Important Weather Conditions
Written by Lee Wyatt (last updated June 21, 2021)
Most beginning gardeners think that the most important weather conditions are whether it is going to rain or not, and just how warm it is going to be. In the broadest of possible strokes this is correct; however, it is just a little bit more complicated than that. To understand the basics of important weather conditions you need to understand the importance of temperature, sunshine, and soil moisture. While there are other factors that can play a roll, these three items are the most important weather conditions that you need to pay attention to.
- Temperature. When talking about temperature, you are not just looking at what the reading on the thermometer. Rather this is the general temperature of everything that is around the plant, all the way down to its roots. Temperature is probably the single most important weather condition around, since it can deeply affect the development and growth of the plant. While not exact, looking at the thermometer can be a general guide to the temperature for your plant. If you want something more exact, then you will also need to get the temperature of the soil that you will be planting in, and averaging it out with the ambient temperature above ground.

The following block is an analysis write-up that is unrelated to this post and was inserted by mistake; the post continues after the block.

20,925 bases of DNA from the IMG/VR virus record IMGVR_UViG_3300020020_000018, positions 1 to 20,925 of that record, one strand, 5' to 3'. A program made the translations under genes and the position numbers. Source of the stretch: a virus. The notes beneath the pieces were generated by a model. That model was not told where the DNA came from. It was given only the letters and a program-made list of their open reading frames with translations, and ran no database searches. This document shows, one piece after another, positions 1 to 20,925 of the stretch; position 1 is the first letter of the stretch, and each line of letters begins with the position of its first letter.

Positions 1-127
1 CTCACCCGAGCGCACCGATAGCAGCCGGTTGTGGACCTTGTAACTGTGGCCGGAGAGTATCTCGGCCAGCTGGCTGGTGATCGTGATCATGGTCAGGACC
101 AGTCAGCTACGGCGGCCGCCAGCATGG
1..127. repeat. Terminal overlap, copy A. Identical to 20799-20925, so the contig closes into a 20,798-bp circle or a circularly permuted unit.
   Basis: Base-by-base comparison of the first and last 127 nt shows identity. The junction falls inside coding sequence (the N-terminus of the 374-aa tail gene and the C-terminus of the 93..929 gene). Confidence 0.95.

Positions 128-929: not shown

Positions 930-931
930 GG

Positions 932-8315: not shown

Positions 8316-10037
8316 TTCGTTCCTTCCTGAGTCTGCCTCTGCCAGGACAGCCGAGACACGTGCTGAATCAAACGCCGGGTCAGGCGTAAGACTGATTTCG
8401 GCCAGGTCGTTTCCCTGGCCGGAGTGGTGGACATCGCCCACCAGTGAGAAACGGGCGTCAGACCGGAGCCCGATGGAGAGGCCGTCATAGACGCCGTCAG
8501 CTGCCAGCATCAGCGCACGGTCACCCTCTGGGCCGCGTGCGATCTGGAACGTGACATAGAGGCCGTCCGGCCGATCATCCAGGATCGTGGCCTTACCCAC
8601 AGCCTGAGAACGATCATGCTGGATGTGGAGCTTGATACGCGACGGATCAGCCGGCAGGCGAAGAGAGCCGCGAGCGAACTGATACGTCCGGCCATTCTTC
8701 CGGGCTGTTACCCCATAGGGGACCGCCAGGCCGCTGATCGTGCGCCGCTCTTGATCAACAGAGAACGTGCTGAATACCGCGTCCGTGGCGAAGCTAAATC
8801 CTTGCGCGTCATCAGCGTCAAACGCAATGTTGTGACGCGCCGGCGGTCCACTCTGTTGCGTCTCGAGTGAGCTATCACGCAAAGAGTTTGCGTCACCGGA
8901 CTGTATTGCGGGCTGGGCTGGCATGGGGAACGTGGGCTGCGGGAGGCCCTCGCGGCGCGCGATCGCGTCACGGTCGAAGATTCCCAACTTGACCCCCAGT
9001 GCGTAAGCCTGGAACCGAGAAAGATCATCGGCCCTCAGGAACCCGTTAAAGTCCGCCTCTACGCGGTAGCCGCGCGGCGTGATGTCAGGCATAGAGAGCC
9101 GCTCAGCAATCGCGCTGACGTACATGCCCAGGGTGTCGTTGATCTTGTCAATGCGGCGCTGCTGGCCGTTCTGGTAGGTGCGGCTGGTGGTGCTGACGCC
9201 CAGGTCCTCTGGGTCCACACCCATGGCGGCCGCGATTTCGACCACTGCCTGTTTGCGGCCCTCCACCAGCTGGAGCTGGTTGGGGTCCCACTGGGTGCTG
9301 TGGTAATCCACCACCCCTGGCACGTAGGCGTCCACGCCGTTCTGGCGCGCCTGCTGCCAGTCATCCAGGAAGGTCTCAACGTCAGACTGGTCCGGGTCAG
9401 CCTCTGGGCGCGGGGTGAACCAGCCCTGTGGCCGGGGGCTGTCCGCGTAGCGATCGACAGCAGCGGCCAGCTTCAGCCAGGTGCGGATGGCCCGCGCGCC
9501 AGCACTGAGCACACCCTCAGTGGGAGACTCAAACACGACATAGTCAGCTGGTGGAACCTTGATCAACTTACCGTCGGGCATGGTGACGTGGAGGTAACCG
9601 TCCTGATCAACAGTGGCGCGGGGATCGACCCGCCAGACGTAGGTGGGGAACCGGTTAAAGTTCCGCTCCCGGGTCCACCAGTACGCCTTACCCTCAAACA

- Sunshine. Plants work off of a very interesting process called photosynthesis. This is the process that allows your plant to receive sunshine, and convert it to energy for the plant. In addition, sunshine will also affect the temperature of the air and the soil around the plant. Typically, during the winter time there is less direct sunshine available for the plants you would like to grow, which leads to colder soil and air temperatures. During the summer time, there is more direct sunlight, which has the opposite effect. Take a good long look at the type of sunshine that you can get in your area, and what plants will work best in those conditions.
- Soil moisture. Let's face it everything gets thirsty, including plants. The way that plants drink is through their roots that are buried in the soil. If the soil isn't moist, then they aren't able to drink; whereas if there is too much moisture the plants can drown or begin to rot. This is why knowing the type of drainage that your plants need is such an important aspect of gardening, as well as being able to ensure that your plants get enough moisture to grow properly.
Contributor of numerous Tips.Net articles, Lee Wyatt is quickly becoming a regular "Jack of all trades." He is currently an independent contractor specializing in writing and editing. Contact him today for all of your writing and editing needs! Click here to contact. Learn more about Lee...
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